Amnesty International is raising concerns about possible human rights violations during Sudan’s independence vote.
Amnesty researcher Rania Rajji, who recently visited the region, says, “The main concern…is growing on the experience that you have of Sudan, which is a culture of human rights violations, especially when you see the example of the elections.”
Sudan held presidential and parliamentary elections in April 2010.
“In the north, we have obviously the National Intelligence and Security Service, which is known to detain, harass and intimidate opposition groups and minorities. And in the south, during the elections, you saw harassment and intimidation of voters and members of the opposition by the security and police forces.”
Don’t forget Darfur
Amnesty says it’s also concerned that the independence referendum will draw attention away from the situation in Darfur.
“We see that the international community is at present focusing on the referendum,” she says, “and considering it a solution to human rights in Sudan, which it is not. Because the conflict in Darfur has intensified in the past month with attacks on civilians during December, while the peace negotiations are failing.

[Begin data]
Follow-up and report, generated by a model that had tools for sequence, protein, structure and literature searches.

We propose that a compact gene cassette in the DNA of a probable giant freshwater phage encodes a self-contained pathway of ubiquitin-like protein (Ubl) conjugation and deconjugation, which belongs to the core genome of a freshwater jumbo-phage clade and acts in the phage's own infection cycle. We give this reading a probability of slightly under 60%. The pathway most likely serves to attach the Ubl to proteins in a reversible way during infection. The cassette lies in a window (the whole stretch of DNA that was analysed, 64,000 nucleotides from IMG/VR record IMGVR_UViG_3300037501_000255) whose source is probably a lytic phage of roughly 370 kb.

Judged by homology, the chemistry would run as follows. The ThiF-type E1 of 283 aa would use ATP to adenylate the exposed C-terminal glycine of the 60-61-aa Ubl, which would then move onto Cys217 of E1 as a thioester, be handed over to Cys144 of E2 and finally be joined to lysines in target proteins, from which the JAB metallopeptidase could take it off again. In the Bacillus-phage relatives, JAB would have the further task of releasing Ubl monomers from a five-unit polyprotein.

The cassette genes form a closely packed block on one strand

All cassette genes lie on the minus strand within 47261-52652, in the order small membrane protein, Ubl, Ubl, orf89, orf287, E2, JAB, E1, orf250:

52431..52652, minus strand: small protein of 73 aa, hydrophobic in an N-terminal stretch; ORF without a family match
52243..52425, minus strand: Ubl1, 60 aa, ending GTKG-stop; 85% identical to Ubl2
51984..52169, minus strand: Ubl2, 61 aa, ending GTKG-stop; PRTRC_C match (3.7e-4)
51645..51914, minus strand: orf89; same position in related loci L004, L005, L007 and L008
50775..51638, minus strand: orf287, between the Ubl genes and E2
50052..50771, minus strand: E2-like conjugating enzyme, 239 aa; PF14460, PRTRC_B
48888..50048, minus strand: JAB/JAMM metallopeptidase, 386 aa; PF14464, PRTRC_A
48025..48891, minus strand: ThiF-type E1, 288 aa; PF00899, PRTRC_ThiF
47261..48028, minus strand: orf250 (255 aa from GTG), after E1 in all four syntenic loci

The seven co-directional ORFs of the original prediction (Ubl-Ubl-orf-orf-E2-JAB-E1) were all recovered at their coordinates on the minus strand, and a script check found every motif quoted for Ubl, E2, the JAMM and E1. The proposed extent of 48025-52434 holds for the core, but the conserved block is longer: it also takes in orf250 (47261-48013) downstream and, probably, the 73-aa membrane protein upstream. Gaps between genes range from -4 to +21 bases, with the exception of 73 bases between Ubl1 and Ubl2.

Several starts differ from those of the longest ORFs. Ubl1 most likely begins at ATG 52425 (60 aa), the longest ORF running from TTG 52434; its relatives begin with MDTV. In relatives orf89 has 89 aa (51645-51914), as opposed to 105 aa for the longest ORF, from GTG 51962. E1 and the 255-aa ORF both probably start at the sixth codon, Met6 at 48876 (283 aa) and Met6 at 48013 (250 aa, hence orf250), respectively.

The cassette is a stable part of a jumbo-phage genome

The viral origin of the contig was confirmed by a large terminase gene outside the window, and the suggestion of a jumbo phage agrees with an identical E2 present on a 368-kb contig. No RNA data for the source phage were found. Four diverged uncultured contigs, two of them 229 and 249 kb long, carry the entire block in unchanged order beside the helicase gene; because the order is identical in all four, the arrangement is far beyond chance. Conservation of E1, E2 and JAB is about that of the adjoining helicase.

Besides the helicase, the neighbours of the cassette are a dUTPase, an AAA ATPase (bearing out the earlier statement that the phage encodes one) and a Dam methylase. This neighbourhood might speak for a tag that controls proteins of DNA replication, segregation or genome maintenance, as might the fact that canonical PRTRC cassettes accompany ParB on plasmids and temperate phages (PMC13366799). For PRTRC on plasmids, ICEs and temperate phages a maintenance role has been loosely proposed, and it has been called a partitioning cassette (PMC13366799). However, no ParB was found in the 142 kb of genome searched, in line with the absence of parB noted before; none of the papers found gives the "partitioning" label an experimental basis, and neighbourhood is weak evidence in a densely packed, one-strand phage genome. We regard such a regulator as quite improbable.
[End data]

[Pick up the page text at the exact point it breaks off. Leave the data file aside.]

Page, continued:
Amnesty is calling on the United Nations and the international community to view Sudan as a whole when it comes to human rights. Rajji says, “(They) have to invest in the solution of Darfur and a cessation of hostilities in Darfur as the referendum carries on.”
No election observers, but…
Amnesty International does not have election observers assigned to southern Sudan during the referendum.
“Amnesty does not involve itself in electoral rights and the right to vote. However, we consider human rights to be at the core of any election or referendum in the sense that voters have to right to place their vote without intimidation. So, what we have done is send a human rights briefing to international referendum monitors asking them to report any human rights violations that occur during the referendum.”
Amnesty says it contacted the governments in both north and south Sudan prior to the vote.
Rajji says the governments are being asked “to make it clear that there will be no toleration of any human rights violations…that there are mechanisms in place to report any harassment and intimidation.”
She also says there’s a history of harassment of southerners still living in the north by the Khartoum government.
“We have asked them not to intimidate any voters,” she says, “and to just cease any activity of harassment by the national security and other forces in the north.”